The Allman Brothers Band “You Don’t Love Me / Soul Serenade” (19:34)
(Recorded live August 26, 1971 at A & R Studios, New York City)
One important stop for The Allman Brothers Band was at New York’s A&R Studios. This show was a live FM broadcast, just thirteen days after the death of King Curtis.
Around midnight on August 13, 1971, Curtis was lugging an air-conditioning unit towards his brownstone apartment on West 86th Street in New York City when he noticed two junkies were using drugs on the steps to his home. When he asked them to leave, an argument started. The argument quickly became heated and turned into a fist-fight with one of the men, 26-year old Juan Montañez. Suddenly, Montañez pulled out a knife and stabbed Curtis in the chest. Curtis managed to wrestle the knife away and stab his assailant four times before collapsing. Montañez staggered away from the scene and Curtis was taken to Roosevelt Hospital, where he died from his wounds less than an hour later.
This article from Hittin’ The Note by Tim Hoover details Curtis’ influence on Duane Allman.
During the broadcast, Duane pauses to reflect on his fallen friend:
“About King Curtis - that was one of the finest cats there ever was. He was just right on top of getting next to the young people, you know? It’s a shame. If y’all get the chance, listen to that album he made out at Fillmore West… Boy, it’s incredible, it’s unbelievable, the power and the emotional stature that man had. He’s an incredible human being…”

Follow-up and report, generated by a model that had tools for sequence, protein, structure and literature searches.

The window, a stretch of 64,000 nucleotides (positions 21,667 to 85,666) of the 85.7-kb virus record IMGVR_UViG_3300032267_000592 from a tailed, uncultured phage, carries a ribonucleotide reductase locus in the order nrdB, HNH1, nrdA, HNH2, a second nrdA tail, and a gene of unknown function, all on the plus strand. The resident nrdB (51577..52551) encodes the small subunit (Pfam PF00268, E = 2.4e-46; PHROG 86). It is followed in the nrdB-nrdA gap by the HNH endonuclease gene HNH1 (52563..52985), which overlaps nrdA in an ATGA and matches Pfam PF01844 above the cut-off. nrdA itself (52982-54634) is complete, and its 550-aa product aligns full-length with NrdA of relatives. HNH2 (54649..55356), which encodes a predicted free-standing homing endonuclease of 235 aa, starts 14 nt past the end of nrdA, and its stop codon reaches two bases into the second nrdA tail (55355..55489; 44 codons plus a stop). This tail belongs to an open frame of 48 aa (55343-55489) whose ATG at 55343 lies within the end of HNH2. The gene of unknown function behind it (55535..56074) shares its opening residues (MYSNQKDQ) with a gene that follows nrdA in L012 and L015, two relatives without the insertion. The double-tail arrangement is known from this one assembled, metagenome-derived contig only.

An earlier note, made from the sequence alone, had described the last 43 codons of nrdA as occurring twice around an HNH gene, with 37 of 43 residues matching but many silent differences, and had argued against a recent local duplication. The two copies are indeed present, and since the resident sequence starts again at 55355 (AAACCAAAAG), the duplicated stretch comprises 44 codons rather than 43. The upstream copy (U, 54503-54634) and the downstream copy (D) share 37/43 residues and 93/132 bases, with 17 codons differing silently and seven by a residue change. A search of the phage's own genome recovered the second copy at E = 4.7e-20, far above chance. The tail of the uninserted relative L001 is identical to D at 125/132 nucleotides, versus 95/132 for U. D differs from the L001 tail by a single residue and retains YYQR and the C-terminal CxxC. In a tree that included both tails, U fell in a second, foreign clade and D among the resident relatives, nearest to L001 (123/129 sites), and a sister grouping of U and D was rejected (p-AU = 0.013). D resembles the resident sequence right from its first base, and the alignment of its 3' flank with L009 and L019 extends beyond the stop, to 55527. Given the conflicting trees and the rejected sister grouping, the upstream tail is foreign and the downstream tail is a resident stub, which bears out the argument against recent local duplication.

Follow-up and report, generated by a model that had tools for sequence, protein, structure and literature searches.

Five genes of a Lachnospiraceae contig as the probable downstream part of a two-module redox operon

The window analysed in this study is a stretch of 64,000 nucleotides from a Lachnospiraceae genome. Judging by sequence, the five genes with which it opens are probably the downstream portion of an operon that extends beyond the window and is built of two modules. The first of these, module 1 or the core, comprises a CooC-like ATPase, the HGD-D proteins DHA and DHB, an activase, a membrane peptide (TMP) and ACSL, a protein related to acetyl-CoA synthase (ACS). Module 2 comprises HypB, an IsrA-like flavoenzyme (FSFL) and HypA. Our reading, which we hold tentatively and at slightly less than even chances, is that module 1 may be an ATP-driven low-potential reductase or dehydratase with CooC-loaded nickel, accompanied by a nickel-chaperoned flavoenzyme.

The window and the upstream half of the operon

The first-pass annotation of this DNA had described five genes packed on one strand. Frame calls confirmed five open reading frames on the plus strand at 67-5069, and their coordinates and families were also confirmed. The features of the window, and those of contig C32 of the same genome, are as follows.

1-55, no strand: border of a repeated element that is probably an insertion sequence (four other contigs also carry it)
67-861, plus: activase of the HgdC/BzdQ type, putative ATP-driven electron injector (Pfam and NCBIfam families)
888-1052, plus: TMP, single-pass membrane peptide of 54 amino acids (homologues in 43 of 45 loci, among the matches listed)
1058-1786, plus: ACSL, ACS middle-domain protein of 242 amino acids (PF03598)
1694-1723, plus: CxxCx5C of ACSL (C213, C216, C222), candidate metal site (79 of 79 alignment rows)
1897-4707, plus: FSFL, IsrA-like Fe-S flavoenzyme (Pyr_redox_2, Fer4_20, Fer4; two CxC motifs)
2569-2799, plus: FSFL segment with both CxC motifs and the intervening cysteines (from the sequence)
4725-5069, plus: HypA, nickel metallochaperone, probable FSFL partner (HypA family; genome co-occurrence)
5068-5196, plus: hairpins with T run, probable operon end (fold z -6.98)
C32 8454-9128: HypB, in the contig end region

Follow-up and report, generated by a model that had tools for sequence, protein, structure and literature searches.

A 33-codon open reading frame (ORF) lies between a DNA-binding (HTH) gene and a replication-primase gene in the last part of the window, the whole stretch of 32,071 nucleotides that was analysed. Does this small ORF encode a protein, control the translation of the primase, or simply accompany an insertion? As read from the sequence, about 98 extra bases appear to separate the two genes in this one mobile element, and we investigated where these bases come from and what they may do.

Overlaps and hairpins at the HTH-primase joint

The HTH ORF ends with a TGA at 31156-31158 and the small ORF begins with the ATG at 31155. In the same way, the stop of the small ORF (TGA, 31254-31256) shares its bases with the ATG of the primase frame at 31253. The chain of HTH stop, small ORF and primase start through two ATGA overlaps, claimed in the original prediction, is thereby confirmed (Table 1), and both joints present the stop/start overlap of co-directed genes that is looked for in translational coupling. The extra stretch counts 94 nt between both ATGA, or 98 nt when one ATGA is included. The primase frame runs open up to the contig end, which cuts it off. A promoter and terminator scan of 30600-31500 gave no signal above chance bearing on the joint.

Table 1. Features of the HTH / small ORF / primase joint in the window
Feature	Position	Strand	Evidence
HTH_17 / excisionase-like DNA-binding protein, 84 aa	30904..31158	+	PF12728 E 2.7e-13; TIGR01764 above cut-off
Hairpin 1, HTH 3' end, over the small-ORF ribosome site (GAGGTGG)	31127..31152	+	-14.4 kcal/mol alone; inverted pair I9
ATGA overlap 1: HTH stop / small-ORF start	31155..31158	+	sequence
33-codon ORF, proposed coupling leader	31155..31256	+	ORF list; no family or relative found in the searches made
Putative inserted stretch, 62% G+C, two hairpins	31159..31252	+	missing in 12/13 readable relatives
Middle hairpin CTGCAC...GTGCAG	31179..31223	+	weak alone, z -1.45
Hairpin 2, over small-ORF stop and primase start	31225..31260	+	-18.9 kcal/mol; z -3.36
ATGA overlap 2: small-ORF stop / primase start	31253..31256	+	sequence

“At the funeral, boy, Aretha sang and Stevie Wonder played… they played “Soul Serenade.”
Duane breaks off into the melody of Curtis’ signature song, and a few in the audience respond with polite applause of recognition.
“Y’all probably a little bit young. It’s fantastic. We’ll do some of that… yeah, I know where we’ll do it…”
Duane and the band jump into the intro for “You Don’t Love Me”. A little over eight minutes into the song, Duane slows the band, reaching an achingly slow transitional phase, gradually leading everyone into his own version of “Soul Serenade”. When Duane plays the melody of the song again, the audience immediately begins clapping along to the sweet melodic tune. Suddenly, Duane jumps in and absolutely cuts the melody to shreds with one of the most moving, heart-felt solos you will ever hear, taking it right up into the stratosphere. Mirroring his words for Curtis, the ‘power and emotional stature’ of Duane’s own very personal and passionate eulogy for his lost friend is delivered as only he could do it - powerfully, lovingly, and gracefully.